Posted by: dave | February 1, 2010

Why the Sydney property market is like the French job market

Image of Sydney houses

The worst thing about the past few weeks of temporary homelessness has been the experience of being thrown back into the cold supercilious embrace of the Sydney rental market. Londoners like to think their city is in the grip of a unique property madness, only barely alleviated by the recession, but this survey last week indicated that Sydney is far worse – second worst in the world, in fact, after cuddly old Vancouver.

This feels intuitively right. At one property I was looking at in Bondi Junction a couple of weeks ago, the real estate agent was a veteran of one of the glitzier London estate agents’ Sloane Square office. She moved here about six months ago, and said that the property market in Sydney 2010 is crazier than it was in Chelsea in 2008 – and I’d already said I wouldn’t put in an application, so she wasn’t saying this to get me all desperate.

You come up against the sharp end of this any time you go to look at property, whether to rent or to buy. The first thing you notice is that you can only view a place at a few, very limited showing times, when there will be (often literally) dozens of other interested parties tramping through the house. At one viewing of a fairly average property directly underneath the airport flightpath in Stanmore last week, there were more than 20 people milling testily about on the pavement before we were led in for the standard 15-minute viewing slot. A house-hunting friend told us that in Paddington she turned up at a property with a one-in, one-out policy, as if it was some sort of achingly trendy nightclub rather than a small and slightly shabby flat.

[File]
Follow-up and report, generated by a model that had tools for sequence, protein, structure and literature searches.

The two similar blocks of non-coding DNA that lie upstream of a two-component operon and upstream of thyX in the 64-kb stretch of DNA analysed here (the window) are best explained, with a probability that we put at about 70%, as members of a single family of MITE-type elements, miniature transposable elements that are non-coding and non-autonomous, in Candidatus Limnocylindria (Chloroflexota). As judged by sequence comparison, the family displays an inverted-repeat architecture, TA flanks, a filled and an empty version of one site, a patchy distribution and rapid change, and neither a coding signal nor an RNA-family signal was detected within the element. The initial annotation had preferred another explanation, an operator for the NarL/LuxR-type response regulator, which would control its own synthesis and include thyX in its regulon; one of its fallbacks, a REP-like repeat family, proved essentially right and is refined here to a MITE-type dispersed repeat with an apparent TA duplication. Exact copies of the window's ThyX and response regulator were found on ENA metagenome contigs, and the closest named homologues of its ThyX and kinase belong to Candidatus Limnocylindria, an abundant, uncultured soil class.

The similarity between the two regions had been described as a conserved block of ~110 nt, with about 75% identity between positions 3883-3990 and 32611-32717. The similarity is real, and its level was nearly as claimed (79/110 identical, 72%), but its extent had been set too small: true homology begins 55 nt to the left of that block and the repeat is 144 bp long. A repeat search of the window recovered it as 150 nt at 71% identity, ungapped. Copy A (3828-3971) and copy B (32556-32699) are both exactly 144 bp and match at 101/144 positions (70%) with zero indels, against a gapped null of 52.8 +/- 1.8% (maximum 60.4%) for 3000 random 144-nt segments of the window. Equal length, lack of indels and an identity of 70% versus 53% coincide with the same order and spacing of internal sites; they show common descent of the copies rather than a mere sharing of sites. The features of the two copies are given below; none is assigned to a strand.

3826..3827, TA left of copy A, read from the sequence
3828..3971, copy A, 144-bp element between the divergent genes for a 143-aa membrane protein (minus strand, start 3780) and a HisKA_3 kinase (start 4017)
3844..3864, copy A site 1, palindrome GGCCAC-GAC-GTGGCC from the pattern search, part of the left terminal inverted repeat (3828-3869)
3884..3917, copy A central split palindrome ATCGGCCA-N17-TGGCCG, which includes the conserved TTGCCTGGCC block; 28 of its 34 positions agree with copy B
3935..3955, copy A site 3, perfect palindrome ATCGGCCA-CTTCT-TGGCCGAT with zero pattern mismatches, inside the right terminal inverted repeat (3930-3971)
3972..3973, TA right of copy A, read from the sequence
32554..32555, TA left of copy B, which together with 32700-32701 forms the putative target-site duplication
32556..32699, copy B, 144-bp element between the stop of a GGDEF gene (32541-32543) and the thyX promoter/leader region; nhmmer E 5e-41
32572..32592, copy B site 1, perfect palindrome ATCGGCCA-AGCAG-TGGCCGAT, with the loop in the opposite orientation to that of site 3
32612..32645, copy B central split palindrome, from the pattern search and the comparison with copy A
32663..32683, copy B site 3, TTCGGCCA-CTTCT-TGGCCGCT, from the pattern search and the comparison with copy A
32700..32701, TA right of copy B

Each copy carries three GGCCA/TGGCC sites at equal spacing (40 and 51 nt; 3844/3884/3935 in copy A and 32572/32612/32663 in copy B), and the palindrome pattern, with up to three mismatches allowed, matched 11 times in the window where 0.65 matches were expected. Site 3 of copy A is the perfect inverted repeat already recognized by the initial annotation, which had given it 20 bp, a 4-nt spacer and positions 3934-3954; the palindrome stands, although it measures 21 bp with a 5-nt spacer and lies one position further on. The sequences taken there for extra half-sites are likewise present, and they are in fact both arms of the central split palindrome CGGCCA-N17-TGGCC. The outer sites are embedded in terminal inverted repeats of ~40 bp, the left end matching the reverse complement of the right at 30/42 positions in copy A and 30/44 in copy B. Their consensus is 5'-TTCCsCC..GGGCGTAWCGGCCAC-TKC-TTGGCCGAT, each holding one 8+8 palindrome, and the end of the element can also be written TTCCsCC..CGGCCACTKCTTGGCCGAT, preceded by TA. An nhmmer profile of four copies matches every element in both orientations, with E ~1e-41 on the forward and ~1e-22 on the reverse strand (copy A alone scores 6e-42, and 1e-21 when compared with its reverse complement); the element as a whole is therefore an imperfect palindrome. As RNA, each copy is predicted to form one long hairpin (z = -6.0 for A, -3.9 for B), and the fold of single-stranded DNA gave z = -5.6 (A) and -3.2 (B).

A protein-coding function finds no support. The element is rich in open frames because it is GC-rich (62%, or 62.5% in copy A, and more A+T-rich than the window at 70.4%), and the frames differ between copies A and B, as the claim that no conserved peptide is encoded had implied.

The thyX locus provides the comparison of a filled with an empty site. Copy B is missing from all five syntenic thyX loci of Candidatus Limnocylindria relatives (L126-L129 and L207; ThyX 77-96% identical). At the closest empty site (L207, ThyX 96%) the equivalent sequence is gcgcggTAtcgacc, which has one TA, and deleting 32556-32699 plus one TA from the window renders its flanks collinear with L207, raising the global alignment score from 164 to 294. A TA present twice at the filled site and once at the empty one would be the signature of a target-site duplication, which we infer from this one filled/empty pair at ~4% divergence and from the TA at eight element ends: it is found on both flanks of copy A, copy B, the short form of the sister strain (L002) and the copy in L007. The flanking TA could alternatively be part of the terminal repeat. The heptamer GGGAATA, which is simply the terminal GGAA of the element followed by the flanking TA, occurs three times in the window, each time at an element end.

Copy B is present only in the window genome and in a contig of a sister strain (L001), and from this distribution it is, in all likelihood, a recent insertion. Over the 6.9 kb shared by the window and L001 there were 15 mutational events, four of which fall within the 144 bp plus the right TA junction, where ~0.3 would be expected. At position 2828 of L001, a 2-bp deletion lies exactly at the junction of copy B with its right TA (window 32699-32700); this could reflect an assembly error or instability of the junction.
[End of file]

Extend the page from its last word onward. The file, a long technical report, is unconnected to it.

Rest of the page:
This situation is made worse by the fact that almost all viewings are on Saturdays between around 10am and 1pm. That makes hunting for a rental property require the sort of planning skills necessary to pull off, say, a major sporting event or a terrorist attack. First you select your potential properties, weeding out ones that are obviously rubbish and desperately trying to track down elusive letting agents for more details on the borderline cases (if you do get in touch with them – and it’s harder than getting an audience withe the Pope – the agent invariably hasn’t got a clue).